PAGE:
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Entropy is important for many security features like TCP sequence numbers and cryptographic key/parameter generation. My understanding is that the entropy pool is drained by an operation as simple as cat /dev/random which could be hidden in an malicious or poorly written script. This could also be done by an attacker who's taken over an unprivileged local account and is trying to get deeper into the system.

Since most systems use a cryptographically secure pseudo-number generator (/dev/urandom) instead of /dev/random, I'm wondering if a drained entropy pool has any security consequences. To give an example: would it be easier to guess the private key of a newly generated SSL certificate if the entropy pool was low during the generation? I read man 4 random but I'm still unsure on how entropy is handled by the system.

marked as duplicate by user79743, cuonglm, Jeff Schaller, DopeGhoti, Anthon Mar 1 '16 at 5:11

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    Please read 2uo.de/myths-about-urandom for some (well-written) myth-busting about /dev/random and /dev/urandom. – roaima Feb 29 '16 at 17:44
  • @roaima well, that answered it. Thanks for the hint. I'm not sure, should this question be deleted or is it somewhat useful and should be (self-)answered? – tarleb Feb 29 '16 at 18:00
  • A clever site might monitor /proc/sys/kernel/random/entropy_avail and thus note if entropy took a dive for some reason. – thrig Feb 29 '16 at 18:16
  • @roaima, the first "fact" is wrong, the second completely off.-base. Yes, /dev/random and dev/urandom use the same PRNG, but the first one uses "real" randomness (timing of disk responses, keypresses, mouse movements, ...) as long as it is available. Stopped reading right there. – vonbrand Feb 29 '16 at 20:58
  • @vonbrand Whereas the second one uses "real" randomness (timing of disk responses, keypresses, mouse movements, ...) as soon as it is available. That article is correct. Ask any competent cryptographer, for example Thomas Pornin. – Gilles Feb 29 '16 at 23:07

The fallacy in this question is that there is no such thing as “draining entropy”. (Not in any sense where you'd run out of entropy before the universe runs out of a lack of entropy to let you live in it.)

Any random generator designed for cryptography needs two elements: an entropy source, and a way to “smooth out” the entropy source. Entropy sources are not sources of random bits, they have biases that need to be kinked out. An unconditioned entropy source is no good for cryptography. Conditioning, i.e. turning an entropy source into a source of uniformly random bits, is done by a cryptographically secure pseudorandom number generator (CSPRNG for short). Once a CSPRNG has been seeded with enough entropy, it's good to go for at least a few lifetimes of the universe¹.

Linux's /dev/urandom uses a CSPRNG which is periodically reseeded with extra entropy. The periodic reseeding helps in case of a partial compromise of the machine that somehow leaks the internal state of the random generator.

Linux's /dev/random uses a CSPRNG which is periodically reseeded with extra entropy. (Sounds familiar?) Linux maintains an internal calculation that assumes that the CSPRNG algorithm is badly broken and leaks entropy at a rapid rate and blocks /dev/random. But if you don't trust the crypto behind the CSPRNG, you can't trust even what /dev/random gave you in the first place, or pretty much any other crypto that you'd be using.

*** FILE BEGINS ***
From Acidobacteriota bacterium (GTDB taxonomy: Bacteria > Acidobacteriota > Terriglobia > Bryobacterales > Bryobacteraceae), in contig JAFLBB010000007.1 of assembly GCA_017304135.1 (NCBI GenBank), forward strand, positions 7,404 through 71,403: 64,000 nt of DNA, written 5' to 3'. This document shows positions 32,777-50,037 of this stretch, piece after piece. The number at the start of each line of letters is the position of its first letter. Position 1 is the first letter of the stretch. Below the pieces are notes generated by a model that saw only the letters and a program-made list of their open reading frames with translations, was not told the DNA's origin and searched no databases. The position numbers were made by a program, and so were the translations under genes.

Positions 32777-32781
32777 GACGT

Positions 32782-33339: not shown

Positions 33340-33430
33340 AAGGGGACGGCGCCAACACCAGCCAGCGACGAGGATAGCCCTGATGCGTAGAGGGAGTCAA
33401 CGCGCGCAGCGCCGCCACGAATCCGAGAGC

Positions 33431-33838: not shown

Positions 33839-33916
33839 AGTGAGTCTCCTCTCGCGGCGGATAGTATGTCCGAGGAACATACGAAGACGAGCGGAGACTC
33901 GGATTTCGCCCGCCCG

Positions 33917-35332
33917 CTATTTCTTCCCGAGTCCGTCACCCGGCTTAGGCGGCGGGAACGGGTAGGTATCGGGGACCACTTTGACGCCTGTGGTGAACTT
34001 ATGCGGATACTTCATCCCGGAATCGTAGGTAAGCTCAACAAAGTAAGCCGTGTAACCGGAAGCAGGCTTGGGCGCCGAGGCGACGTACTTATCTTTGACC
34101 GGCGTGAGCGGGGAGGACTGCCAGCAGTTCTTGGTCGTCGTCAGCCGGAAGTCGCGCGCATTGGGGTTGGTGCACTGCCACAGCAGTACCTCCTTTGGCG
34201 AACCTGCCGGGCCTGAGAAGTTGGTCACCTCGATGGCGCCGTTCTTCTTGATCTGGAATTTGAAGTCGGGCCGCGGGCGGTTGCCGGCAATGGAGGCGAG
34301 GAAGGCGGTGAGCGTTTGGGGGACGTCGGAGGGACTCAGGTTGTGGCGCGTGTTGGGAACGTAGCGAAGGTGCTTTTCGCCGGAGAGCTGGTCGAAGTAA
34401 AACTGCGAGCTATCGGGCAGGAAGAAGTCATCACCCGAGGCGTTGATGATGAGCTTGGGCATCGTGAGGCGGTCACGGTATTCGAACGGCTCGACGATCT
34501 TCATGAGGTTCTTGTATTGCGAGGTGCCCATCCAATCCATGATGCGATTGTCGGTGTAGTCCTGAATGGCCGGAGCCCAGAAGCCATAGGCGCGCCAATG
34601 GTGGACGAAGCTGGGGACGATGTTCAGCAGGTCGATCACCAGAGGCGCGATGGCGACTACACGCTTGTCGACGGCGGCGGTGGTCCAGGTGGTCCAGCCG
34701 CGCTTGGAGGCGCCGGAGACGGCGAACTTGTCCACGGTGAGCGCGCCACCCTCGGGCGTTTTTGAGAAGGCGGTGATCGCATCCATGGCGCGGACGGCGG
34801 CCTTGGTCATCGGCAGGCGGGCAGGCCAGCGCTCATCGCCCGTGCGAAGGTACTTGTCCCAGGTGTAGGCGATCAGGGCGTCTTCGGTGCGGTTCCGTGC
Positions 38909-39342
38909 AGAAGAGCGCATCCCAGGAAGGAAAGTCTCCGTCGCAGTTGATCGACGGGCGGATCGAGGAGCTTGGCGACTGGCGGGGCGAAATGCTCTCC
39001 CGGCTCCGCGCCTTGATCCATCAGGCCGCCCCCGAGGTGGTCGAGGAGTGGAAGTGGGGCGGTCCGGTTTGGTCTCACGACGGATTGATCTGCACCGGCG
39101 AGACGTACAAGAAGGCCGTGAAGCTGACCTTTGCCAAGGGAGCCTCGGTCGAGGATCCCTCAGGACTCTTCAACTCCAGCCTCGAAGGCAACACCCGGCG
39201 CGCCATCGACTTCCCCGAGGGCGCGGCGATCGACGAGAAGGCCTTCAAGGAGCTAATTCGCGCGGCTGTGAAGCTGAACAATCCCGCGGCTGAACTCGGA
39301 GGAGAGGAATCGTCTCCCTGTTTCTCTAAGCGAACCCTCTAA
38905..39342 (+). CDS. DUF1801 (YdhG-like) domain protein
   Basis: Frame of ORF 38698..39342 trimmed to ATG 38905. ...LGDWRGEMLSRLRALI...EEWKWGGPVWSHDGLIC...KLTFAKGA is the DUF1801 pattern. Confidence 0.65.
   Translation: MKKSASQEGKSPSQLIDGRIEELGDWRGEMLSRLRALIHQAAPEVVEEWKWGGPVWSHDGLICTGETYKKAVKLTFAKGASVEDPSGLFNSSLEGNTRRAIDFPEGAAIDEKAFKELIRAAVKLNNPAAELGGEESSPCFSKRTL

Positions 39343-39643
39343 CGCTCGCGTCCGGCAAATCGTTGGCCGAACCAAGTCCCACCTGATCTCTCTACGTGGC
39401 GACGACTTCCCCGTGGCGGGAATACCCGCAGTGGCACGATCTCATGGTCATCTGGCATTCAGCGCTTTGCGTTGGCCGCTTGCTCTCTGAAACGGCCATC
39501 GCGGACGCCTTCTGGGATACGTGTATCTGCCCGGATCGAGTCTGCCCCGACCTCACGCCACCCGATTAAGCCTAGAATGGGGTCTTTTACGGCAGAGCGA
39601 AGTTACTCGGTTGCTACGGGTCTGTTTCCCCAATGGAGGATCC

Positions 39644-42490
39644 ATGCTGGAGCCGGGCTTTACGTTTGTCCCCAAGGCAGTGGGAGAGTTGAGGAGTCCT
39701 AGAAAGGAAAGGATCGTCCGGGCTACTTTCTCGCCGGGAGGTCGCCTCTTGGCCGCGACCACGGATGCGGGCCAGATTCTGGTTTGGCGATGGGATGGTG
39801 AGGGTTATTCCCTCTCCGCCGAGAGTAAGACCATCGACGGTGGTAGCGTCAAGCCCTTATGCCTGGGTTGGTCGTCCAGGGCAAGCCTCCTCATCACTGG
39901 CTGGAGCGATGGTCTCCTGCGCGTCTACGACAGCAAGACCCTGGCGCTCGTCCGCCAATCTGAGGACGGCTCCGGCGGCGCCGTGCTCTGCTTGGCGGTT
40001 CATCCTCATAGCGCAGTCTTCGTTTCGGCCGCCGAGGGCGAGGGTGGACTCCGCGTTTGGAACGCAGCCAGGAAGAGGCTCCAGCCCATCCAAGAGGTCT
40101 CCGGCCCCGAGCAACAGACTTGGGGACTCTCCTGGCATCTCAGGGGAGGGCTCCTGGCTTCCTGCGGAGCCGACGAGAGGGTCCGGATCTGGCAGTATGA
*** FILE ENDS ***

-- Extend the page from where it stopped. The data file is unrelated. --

So no, draining the entropy does not make your system more vulnerable in any way.

The only risk with Linux's /dev/urandom is that it happily gives you predictable output before it's been properly seeded. This isn't a concern for day-to-day use on a “normal” desktop or server computer because they save the entropy pool on disk. It is a concern if you have a freshly installed system, or a live system that boots from read-only media. (A live system is a bad place to generate long-term keys!) Once the system has enough entropy, that's forever.

If you want a professional cryptographer's take on this issue, you can read Thomas Pornin's or Thomas Hühn's.

¹ N bits of entropy take 2N calculations to figure out. If you generate a billion bits per second, and you start with a decent security level of 128 bits, 1 universe-life gives you time to generate about one sextillion bits, which is 296, comfortably below the limit.


No, constantly reading random bits from /dev/{u,}random} would not make it easier to attack other parts of the system. (That is, unless the attacker can predict the internal state of the generator from its output. But it's considered unlikely that anybody can.)

There will always be enough "randomness" available once the random number generator behind /dev/{,u}random (they are basically the same thing) has been seeded. Reading lots of random bits from the devices doesn't alter the internal state of the system's pseudo-number generator in a way that would decrease the quality of the generated number.

Quoting http://2uo.de/myths-about-urandom which was mentioned by @roaima in the comments:

What about entropy running low?

It doesn't matter.

The underlying cryptographic building blocks are designed such that an attacker cannot predict the outcome, as long as there was enough randomness (a.k.a. entropy) in the beginning. A usual lower limit for “enough” may be 256 bits. No more.

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    For the terminally paranoid (i.e., cryptographers and security buffs) "it is considered unlikely" is far from enough. – vonbrand Feb 29 '16 at 23:21

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